So you're interested in learning how to play volleyball?
Let's start with a simple list of the basic volleyball rules....
The Rally, The Referee, The Court
Errors, Points, Rotations and Scoring
For beginners plunging into the popular and fast-growing world of volleyball, understanding the rules of volleyball might seem a bit intimidating at first.
Say less, because I've got you covered. The section below answers some of the most frequently asked questions, asked by newbies and junior players when starting out.
By answering these seven questions I dive into the finer points of the game, highlighting what's legal, how the scoring works, and other aspects of the game beginners need to know.
Let's dive into these questions and help you master the rules so you can confidently continue your new journey in volleyball.
Illegal actions in volleyball refer to any actions that are not permitted according to official volleyball rules.
Some of the most common are:
Yes, you can hit the ball with a closed fist because it is legal.
This is often seen when a beginner player is serving the ball in order to create more power on the ball with an underhand serve or if they're making an underhand pass because they haven't learned the proper technique yet.
However, it's important to make sure that the ball contact is clean, without any prolonged contact like lifting the ball or carrying the ball, because these actions are considered faults, which are reasons for the referee to blow their whistle.
3. How do you score in volleyball?
Scoring in volleyball occurs when a team wins a rally.
This could involve
Each time a team wins a rally, they earn a point and the right to serve.
In volleyball, no part of the body is allowed to touch the net during play, except for the hair.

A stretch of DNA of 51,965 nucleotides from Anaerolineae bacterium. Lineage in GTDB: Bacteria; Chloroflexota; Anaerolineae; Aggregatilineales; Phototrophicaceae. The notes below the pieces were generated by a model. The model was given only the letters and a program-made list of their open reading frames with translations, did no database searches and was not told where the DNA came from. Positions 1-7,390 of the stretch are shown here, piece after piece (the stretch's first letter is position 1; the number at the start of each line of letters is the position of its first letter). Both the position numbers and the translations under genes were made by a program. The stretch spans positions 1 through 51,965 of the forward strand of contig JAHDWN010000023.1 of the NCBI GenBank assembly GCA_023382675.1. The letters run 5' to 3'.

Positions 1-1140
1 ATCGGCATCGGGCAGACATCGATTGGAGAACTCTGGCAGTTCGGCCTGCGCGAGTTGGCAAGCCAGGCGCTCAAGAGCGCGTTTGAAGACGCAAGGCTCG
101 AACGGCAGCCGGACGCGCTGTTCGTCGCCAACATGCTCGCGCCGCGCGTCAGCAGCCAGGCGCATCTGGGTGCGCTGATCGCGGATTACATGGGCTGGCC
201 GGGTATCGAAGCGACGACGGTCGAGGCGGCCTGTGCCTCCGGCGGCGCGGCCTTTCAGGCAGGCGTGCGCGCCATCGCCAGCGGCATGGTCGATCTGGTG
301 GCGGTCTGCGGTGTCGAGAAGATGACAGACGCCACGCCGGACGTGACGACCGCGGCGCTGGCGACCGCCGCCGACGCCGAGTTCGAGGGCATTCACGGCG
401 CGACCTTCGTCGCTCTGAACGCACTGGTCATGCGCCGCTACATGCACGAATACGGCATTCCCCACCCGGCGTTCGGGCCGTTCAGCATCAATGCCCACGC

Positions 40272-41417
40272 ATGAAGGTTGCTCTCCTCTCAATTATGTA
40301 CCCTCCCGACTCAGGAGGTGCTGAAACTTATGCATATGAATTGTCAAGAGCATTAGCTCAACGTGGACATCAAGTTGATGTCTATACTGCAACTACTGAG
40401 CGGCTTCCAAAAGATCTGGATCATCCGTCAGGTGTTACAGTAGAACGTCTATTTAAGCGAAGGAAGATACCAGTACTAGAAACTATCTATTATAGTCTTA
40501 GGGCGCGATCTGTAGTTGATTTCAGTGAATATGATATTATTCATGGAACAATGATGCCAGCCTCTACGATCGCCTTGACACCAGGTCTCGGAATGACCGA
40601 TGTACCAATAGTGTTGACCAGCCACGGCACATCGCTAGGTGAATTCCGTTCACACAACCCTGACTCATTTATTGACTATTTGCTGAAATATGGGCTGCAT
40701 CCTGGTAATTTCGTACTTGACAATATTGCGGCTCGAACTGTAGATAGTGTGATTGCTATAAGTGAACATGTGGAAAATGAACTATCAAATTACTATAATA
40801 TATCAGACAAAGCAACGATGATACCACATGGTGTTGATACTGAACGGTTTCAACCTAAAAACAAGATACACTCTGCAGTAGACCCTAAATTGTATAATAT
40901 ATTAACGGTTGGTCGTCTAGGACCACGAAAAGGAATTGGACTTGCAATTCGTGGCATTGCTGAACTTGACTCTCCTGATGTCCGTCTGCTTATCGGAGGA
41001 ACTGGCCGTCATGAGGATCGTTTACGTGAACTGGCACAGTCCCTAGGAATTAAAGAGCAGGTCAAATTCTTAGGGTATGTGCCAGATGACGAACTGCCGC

In other words, incidental contact of your hair with the net does not mean its a fault, or a reason for the referee to whistle against your team.
This happens a lot when a blocker wearing a ponytail lands from a block jump and turns to transition back behind the ten foot line to get into position to attack.
But any other contact such as with hands, shoulders or feet is considered a net violation and results in a point being awarded to the opposing team.
And yes also in indoor volleyball, Yes, you can!
In volleyball, any part of your body can legally come into contact with the ball, including your feet. However, players normally use their hands and arms as they offer better control.
In volleyball, cards are issued by the referee to penalize misconduct from players or coaches.
A yellow card serves as a warning and no points are deducted.
A red card results in a point and serve for the opposing team.
Yes, a team must win a set by at least two points. This rule is in place to allow for the potential of a "see-saw" set where teams can rally back and forth indefinitely until one team has a two-point lead.
If the score reaches a 24-24 tie, play continues until a team leads by two points. It doesn't matter how long this takes, the game goes on until this happens.
This rule applies to all levels of volleyball, from recreational play to the professional leagues and international competitions.
What you just read was just a warmup!
Just like in volleyball practice, you do a little stretching to warm up your muscles before getting into the real meaty part of practice.
Here.... you go through a light review of everything before you really begin to dig deep and take each rule, each position, each skill and really explore it, learn to do tons of reps and go over each drill repeatedly until you get it right.
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